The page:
At CPCI, my Ph.D. student Shivasubramanian Gopinath, research manager Aravind Simon, and I accidentally stumbled upon a solution to this problem through the holographic hybridization method. Hybridization is defined as the process of combining two or more elements to create a new element with mixed properties of the parent elements.
Hybridization means different things in different fields but generally means “mixing.” For instance, in biology, DNA hybridization involving the breeding of a male lion and a female tiger produces a hybrid offspring liger. Let us consider the mythical griffin, which is a hybrid creature that has the body of a lion and the wings of a bird.
What is hybridization in holography? Instead of recording one picture, we propose to record two pictures collinearly and simultaneously, one with a refractive lens and another with a refractive axicon or a conical prism. A refractive lens has a low depth of field and an axicon has a high depth of field. The two recorded digital pictures are combined with different strengths and reconstructed in the computer by a special algorithm developed at CPCI.
By tuning the strengths of the two pictures before combining them into one, it is possible to tune the depth of field within the limits of the lens and the axicon. The schematic of the setup, the variation of depth of field, and the expected change in the picture are shown in the figure above. During this tuning, the computational algorithm preserves the highest image sharpness. Our research on this topic has just been published in Optics and Lasers in Engineering.
Since the developed technology is simple and low cost, it can be easily integrated into the existing technologies of smartphone cameras, microscopy, holography and cinematography systems. We believe the developed hybridization approach will allow us to relive the captured moments like a digital time-traveling machine.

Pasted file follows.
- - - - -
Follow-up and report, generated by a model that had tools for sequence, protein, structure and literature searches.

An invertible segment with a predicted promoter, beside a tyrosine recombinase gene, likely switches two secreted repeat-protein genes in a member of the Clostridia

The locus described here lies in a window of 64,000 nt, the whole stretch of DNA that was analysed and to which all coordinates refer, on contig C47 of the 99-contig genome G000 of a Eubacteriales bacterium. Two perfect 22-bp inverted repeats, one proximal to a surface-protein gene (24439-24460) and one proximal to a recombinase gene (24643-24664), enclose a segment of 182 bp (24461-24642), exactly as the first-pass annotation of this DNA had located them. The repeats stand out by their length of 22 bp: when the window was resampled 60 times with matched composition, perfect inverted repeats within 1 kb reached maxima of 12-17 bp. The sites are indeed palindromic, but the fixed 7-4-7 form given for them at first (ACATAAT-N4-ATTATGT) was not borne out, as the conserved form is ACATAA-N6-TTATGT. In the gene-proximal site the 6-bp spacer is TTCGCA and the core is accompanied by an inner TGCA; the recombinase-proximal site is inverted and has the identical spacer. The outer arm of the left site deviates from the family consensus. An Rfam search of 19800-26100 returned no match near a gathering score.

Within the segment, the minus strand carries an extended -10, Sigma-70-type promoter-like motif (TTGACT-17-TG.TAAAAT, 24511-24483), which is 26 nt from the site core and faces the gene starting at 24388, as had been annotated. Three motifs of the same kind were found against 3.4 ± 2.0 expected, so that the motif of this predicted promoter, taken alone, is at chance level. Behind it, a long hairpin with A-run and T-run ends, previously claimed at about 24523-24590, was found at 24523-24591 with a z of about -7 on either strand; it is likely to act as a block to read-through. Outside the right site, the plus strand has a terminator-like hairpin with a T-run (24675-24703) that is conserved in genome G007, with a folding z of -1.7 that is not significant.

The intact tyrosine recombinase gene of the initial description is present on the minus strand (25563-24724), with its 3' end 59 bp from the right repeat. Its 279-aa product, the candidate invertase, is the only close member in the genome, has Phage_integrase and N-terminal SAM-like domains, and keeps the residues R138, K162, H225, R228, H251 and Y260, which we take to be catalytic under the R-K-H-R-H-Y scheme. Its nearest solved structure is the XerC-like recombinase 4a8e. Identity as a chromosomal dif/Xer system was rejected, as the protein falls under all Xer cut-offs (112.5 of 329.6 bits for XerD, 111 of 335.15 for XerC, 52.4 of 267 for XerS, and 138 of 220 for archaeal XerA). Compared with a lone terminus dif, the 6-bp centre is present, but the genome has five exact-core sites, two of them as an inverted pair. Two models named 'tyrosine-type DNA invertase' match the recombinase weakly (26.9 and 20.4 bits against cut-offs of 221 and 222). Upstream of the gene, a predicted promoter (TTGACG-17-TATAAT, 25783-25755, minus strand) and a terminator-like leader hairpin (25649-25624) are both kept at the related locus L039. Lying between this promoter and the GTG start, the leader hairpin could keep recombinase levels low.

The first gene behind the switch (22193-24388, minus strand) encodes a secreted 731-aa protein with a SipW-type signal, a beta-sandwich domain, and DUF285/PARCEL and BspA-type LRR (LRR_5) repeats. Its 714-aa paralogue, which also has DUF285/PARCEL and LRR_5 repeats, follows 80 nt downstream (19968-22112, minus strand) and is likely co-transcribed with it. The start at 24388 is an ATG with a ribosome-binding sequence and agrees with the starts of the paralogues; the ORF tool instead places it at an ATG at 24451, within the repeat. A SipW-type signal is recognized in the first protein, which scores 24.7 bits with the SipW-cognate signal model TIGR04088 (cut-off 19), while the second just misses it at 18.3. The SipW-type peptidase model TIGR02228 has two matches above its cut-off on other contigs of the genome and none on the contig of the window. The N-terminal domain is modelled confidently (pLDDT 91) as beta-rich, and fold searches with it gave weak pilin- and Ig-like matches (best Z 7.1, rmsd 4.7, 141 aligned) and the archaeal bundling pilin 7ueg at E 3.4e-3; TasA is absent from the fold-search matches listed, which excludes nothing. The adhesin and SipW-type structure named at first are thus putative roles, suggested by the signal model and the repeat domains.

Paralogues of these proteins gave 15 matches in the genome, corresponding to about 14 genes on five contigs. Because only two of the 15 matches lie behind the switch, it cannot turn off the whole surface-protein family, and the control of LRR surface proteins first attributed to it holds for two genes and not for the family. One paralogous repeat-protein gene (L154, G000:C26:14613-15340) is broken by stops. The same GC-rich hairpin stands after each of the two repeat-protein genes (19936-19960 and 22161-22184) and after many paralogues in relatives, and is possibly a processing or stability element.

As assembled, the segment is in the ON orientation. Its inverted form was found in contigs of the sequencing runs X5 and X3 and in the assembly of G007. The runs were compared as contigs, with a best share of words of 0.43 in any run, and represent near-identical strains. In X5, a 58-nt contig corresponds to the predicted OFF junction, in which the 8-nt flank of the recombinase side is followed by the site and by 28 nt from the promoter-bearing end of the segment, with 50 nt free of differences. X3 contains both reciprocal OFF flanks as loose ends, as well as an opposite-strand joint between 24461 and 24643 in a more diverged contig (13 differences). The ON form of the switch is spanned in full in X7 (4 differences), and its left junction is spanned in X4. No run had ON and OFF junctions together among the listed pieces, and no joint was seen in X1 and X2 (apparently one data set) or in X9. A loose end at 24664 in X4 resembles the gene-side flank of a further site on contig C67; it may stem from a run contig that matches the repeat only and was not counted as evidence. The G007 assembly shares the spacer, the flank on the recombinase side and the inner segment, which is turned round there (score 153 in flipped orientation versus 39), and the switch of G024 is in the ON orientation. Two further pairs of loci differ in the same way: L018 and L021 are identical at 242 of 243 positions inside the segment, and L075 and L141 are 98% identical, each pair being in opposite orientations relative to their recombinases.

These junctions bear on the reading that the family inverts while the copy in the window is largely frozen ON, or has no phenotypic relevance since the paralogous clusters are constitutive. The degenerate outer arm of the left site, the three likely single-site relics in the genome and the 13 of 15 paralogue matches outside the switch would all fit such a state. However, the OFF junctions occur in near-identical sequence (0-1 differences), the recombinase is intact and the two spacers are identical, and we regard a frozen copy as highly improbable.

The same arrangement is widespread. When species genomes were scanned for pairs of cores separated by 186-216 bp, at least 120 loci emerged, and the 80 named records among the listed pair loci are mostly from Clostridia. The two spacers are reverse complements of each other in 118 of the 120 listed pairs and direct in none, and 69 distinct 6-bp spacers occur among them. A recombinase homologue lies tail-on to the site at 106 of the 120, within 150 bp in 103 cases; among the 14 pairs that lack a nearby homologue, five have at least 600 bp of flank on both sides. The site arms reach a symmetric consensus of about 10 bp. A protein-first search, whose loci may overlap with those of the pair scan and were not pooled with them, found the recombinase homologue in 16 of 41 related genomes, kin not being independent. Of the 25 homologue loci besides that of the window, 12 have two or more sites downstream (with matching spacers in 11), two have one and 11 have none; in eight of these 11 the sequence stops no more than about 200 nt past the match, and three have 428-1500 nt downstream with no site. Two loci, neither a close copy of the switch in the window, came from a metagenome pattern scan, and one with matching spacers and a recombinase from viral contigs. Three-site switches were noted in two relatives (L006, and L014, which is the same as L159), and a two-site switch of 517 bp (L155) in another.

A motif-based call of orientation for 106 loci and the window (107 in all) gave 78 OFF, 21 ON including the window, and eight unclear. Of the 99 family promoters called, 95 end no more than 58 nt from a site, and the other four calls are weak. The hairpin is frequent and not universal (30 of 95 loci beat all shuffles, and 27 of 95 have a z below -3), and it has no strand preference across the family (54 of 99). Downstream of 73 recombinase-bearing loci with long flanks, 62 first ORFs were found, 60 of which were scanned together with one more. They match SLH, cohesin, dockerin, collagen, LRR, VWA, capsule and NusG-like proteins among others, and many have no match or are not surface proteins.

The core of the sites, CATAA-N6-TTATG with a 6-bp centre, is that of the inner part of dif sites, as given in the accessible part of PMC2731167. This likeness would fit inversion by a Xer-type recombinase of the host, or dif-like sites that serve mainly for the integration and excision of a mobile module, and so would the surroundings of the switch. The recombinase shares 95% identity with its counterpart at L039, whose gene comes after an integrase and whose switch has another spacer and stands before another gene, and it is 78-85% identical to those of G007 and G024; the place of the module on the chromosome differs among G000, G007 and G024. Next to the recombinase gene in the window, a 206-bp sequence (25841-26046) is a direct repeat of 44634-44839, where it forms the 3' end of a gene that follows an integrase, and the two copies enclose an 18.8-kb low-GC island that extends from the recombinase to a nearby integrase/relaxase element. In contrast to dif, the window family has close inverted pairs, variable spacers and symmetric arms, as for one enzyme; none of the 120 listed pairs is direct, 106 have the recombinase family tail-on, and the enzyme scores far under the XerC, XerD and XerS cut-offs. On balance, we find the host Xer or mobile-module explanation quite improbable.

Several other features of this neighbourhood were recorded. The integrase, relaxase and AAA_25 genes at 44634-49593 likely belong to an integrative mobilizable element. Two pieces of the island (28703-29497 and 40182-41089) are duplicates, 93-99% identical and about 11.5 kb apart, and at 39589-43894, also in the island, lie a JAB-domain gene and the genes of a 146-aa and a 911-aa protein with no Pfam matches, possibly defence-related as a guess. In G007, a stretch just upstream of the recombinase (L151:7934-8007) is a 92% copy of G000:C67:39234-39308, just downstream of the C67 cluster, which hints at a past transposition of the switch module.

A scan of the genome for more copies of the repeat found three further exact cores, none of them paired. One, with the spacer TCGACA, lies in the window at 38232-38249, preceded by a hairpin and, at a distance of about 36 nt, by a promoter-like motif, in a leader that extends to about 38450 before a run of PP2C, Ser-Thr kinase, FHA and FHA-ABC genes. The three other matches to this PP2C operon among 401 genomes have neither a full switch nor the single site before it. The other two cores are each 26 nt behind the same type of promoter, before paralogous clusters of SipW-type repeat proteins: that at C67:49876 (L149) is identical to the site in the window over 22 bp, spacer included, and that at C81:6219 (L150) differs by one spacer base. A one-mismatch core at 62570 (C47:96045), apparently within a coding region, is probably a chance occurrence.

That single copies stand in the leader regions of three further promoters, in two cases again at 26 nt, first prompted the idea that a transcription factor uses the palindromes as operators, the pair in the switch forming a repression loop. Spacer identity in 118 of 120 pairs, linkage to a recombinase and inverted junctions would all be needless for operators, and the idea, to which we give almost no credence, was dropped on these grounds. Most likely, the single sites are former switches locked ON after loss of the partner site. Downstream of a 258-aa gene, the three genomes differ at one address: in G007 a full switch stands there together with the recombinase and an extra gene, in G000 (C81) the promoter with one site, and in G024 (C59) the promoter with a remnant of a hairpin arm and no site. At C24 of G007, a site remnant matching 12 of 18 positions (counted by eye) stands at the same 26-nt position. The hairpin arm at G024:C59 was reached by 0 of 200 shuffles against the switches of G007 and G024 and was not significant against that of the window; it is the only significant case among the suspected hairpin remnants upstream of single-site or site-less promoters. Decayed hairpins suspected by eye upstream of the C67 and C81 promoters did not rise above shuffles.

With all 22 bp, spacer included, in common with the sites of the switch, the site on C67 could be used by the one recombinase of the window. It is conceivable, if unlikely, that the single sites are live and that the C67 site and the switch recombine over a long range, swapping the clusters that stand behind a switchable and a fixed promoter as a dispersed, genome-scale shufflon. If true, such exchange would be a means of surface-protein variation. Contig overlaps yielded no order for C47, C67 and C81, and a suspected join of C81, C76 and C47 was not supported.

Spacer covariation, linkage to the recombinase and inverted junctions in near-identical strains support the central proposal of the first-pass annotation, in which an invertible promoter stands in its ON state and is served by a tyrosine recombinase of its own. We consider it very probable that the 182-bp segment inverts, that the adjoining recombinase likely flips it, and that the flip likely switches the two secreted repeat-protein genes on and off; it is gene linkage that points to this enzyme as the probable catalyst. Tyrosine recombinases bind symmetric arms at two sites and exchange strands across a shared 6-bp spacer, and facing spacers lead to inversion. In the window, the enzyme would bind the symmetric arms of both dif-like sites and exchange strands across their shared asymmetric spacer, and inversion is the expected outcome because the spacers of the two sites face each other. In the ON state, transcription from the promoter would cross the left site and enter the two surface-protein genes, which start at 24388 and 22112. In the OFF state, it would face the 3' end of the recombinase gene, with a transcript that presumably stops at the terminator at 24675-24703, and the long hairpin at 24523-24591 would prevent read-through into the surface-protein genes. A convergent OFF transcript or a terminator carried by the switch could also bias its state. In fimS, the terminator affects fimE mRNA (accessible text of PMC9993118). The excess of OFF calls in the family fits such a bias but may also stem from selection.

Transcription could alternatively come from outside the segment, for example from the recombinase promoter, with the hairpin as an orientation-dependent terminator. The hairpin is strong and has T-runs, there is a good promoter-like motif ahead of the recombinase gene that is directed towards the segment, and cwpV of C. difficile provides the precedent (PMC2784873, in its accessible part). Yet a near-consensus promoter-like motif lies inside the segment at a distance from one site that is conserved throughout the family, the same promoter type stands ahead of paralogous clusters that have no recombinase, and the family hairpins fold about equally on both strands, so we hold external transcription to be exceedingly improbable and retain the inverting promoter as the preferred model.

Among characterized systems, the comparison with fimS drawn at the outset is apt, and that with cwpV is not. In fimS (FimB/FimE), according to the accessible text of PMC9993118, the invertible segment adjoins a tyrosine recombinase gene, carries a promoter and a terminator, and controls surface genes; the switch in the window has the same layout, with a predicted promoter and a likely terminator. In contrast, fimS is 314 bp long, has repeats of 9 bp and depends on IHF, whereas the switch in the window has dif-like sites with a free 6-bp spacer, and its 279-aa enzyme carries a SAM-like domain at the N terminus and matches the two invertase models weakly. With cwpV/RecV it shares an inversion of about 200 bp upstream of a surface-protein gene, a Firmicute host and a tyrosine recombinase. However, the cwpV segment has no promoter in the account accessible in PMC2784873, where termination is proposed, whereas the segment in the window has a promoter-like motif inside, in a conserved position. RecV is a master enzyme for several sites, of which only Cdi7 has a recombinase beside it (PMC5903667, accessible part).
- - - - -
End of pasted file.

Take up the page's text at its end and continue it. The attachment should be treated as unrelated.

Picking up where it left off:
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Shivasubramanian Gopinath et al, Sculpting axial characteristics of incoherent imagers by hybridization methods, Optics and Lasers in Engineering (2023). DOI: 10.1016/j.optlaseng.2023.107837
Prof. Vijayakumar Anand received his Ph.D. degree from the Indian Institute of Technology Madras, India in 2015. He was a PBC outstanding postdoctoral fellow at Ben Gurion University, Israel from 2015 to 2018. From 2019 to 2021, he was a Deputy Vice-Chancellor Research and Enterprise Fellow (Nanophotonics Fellow) at Swinburne University of Technology, Australia. He started his position as ERA Chair and Associate Professor at the University of Tartu, Estonia, in 2022. He is an adjunct Associate Professor at Swinburne University of Technology, Australia. He has published more than 150 journal articles, conference proceedings, book chapters, and books. He is also the author of the bestselling textbook “Design and Fabrication of Diffractive Optical Elements with MATLAB,” published by SPIE Press. He has been elected to the editorial board of Applied Physics B: Laser and Optics published by Springer and Chinese Optics Letters. His current research interests include computational optics, imaging, digital holography, diffractive optics, and microfabrication.
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Holographic hybridization technique allows changes of depth of field in recorded pictures and videos (2023, September 26)